The biggest drawback of telluride-based PCMs is their high optical absorption at visible and near-infrared frequencies12. However, in the past few years, PCMs with a wider bandgap, such as Sb2S324 and Ge2Sb2Se4Te125, have been developed to specifically programme the response of visible and near-infrared photonics devices. Prototype optical switches26,27, displays28 and metasurfaces29 have demonstrated their potential.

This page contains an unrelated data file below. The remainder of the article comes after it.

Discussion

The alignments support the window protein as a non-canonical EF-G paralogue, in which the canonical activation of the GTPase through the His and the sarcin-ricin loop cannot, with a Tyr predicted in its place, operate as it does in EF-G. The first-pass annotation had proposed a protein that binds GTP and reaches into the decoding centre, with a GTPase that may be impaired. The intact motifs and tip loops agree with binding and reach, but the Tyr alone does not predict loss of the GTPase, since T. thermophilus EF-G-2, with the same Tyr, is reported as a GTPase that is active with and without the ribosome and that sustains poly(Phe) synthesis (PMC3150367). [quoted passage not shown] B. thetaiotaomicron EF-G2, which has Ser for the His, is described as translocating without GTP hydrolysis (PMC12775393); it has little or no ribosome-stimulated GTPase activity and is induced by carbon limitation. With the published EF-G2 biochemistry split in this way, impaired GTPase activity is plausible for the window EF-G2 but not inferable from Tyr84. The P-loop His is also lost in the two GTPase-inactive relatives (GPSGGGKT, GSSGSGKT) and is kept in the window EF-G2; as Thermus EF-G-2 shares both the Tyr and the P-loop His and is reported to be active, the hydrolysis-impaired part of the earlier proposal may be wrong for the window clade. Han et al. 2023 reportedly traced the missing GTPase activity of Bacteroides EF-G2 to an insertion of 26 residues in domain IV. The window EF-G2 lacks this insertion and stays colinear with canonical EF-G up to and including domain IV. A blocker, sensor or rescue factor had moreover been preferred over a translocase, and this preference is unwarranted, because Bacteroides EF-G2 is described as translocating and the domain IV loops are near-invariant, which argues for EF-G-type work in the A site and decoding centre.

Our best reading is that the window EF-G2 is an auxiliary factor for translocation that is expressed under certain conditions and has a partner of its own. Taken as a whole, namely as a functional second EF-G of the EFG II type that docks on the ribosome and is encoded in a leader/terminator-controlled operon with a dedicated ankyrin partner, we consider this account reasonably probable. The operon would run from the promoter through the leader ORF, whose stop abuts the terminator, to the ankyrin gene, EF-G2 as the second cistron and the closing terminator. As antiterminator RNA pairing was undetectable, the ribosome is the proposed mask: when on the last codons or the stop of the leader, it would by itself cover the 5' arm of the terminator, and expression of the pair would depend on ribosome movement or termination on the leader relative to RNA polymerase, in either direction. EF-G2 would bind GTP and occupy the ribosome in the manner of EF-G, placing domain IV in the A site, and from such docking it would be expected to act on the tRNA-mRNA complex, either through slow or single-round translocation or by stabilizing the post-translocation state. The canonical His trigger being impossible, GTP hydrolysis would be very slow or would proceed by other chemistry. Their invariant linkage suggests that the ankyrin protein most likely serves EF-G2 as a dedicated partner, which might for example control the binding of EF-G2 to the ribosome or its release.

Designing programmable photonic devices requires an accurate model to describe the PCM switching behaviour. However, the optical properties of all materials depend on their respective crystal structures, and in the case of PCMs the crystal structure switches and transitions depending on the heating and quenching conditions. Even the crystallographic microstructure impacts optical scattering, and this may explain the large variation in measured optical constants of Ge2Sb2Te512,30,31. This variability issue is further confounded by most of the amorphous optical properties in literatures actually being for the as-deposited amorphous state, rather than the more technologically relevant melt-quenched amorphous state. To understand the evolution of a PCM photonics device optical response during switching, and the conditions that can lead to multi-level optical devices18,19, it is important to know not only the initial and final states, but also how the optical constants evolve during nucleation, crystal growth, and melt-quenching. Therefore, a model that accurately predicts the optical properties during and after phase transition will be a key enabler of successful photonic device designs, and in particular phase change multi-level devices.